Valid for Submission
S20.461A is a billable diagnosis code used to specify a medical diagnosis of insect bite (nonvenomous) of right back wall of thorax, initial encounter. The code S20.461A is valid during the fiscal year 2022 from October 01, 2021 through September 30, 2022 for the submission of HIPAA-covered transactions.
S20.461A is an initial encounter code, includes a 7th character and should be used while the patient is receiving active treatment for a condition like insect bite (nonvenomous) of right back wall of thorax. According to ICD-10-CM Guidelines an "initial encounter" doesn't necessarily means "initial visit". The 7th character should be used when the patient is undergoing active treatment regardless if new or different providers saw the patient over the course of a treatment. The appropriate 7th character codes should also be used even if the patient delayed seeking treatment for a condition.
The appropriate 7th character is to be added to each code from block Superficial injury of thorax (S20). Use the following options for the aplicable episode of care:
- A - initial encounter
- D - subsequent encounter
- S - sequela
Diagnostic Related Groups - MS-DRG Mapping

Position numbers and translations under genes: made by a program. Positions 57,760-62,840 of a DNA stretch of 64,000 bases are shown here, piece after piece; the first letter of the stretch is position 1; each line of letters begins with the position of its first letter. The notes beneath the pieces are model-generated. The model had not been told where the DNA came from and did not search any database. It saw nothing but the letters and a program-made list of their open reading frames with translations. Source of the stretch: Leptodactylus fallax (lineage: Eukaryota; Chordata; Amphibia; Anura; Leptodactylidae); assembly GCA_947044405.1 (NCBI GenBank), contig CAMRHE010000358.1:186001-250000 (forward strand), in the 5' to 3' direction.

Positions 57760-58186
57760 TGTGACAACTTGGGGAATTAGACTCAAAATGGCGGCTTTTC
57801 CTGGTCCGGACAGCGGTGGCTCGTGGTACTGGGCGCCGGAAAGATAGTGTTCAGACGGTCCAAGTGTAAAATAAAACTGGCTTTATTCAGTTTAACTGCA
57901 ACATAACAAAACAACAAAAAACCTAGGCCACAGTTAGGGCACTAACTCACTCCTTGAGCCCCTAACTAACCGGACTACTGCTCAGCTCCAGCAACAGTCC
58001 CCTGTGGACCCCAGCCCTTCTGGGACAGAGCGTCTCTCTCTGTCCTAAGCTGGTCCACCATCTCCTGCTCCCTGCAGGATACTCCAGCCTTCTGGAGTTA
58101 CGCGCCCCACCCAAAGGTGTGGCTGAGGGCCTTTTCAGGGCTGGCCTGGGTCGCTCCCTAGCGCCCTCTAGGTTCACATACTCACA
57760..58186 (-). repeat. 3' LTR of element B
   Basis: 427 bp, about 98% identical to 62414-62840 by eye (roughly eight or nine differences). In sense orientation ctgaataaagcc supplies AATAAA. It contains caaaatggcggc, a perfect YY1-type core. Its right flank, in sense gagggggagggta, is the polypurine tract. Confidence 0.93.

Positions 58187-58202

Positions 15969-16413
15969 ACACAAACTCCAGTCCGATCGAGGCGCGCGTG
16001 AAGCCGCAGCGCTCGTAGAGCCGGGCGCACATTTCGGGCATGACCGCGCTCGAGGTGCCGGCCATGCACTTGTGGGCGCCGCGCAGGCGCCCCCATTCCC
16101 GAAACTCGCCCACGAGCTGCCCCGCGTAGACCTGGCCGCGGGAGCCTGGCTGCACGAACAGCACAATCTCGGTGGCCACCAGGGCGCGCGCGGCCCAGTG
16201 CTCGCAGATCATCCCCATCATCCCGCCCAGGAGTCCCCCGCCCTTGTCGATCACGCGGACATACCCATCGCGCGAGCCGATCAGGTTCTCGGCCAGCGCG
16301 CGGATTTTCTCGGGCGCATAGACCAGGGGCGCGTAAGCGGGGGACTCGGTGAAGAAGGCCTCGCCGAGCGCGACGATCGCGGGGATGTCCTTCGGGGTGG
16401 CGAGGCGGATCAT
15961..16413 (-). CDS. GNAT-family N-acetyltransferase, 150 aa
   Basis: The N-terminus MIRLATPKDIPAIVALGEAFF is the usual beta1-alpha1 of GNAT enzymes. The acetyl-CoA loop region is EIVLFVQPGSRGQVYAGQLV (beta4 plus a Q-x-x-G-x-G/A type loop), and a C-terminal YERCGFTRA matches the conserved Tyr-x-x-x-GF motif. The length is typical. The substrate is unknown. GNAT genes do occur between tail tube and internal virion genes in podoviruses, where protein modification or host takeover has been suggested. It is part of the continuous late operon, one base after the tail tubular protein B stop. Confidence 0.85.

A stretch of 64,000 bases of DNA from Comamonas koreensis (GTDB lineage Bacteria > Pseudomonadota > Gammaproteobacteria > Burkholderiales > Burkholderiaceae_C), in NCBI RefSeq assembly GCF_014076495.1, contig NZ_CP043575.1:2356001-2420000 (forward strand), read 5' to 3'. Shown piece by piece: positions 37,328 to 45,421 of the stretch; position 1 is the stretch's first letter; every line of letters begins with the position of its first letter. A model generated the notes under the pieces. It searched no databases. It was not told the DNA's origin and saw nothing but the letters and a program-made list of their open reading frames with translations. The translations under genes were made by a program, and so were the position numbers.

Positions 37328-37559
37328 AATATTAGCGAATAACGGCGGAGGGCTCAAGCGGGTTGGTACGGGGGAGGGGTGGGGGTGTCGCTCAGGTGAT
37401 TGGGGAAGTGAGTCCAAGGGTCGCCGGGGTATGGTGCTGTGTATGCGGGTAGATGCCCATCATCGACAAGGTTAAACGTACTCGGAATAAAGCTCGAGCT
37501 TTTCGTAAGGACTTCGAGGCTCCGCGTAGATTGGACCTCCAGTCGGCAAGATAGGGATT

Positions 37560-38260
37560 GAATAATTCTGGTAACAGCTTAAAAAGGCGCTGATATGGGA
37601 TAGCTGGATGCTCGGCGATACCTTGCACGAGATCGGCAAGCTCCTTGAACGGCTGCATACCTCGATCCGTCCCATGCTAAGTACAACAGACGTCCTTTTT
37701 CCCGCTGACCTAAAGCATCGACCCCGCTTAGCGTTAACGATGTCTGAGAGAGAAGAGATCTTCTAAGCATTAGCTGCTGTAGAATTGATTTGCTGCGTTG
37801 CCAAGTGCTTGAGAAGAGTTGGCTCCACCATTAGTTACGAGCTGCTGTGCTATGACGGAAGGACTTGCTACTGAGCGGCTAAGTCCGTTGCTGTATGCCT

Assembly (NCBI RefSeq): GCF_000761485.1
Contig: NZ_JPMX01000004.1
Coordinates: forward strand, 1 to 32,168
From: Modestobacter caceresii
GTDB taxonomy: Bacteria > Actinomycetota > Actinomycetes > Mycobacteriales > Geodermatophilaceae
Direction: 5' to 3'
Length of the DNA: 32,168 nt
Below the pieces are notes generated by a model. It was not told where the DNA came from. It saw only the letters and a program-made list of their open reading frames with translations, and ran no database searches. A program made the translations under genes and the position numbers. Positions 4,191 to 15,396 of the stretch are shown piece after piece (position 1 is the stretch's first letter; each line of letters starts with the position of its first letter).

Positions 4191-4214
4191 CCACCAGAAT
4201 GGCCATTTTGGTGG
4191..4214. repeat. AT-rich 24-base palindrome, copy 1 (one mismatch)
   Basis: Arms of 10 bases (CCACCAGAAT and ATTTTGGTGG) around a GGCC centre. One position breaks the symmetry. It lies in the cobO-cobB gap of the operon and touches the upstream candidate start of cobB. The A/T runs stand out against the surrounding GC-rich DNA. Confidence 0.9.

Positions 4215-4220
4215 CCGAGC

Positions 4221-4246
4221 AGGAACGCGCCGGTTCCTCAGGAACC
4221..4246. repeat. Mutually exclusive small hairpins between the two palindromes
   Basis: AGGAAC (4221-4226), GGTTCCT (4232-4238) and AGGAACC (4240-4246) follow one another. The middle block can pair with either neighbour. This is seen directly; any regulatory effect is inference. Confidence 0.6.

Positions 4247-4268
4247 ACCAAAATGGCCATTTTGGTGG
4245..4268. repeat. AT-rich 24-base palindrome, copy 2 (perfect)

|MS-DRG||MS-DRG Title||MCD||Relative Weight|
|606||MINOR SKIN DISORDERS WITH MCC||09||1.511|
|607||MINOR SKIN DISORDERS WITHOUT MCC||09||0.8256|
The relative weight of a diagnostic related group determines the reimbursement rate based on the severity of a patient's illness and the associated cost of care during hospitalization.
Convert S20.461A to ICD-9 Code
The General Equivalency Mapping (GEM) crosswalk indicates an approximate mapping between the ICD-10 code S20.461A its ICD-9 equivalent. The approximate mapping means there is not an exact match between the ICD-10 code and the ICD-9 code and the mapped code is not a precise representation of the original code.
Information for Patients
Insect Bites and Stings
Most insect bites are harmless, though they sometimes cause discomfort. Bee, wasp, and hornet stings and fire ant bites usually hurt. Mosquito and flea bites usually itch. Insects can also spread diseases. In the United States, some mosquitoes spread West Nile virus. Travelers outside the United States may be at risk for malaria and other infections.
To prevent insect bites and their complications
- Don't bother insects
- Use insect repellant
- Wear protective clothing
- Be careful when you eat outside because food attracts insects
- If you know you have severe allergic reactions to insect bites and stings (such as anaphylaxis), carry an emergency epinephrine kit
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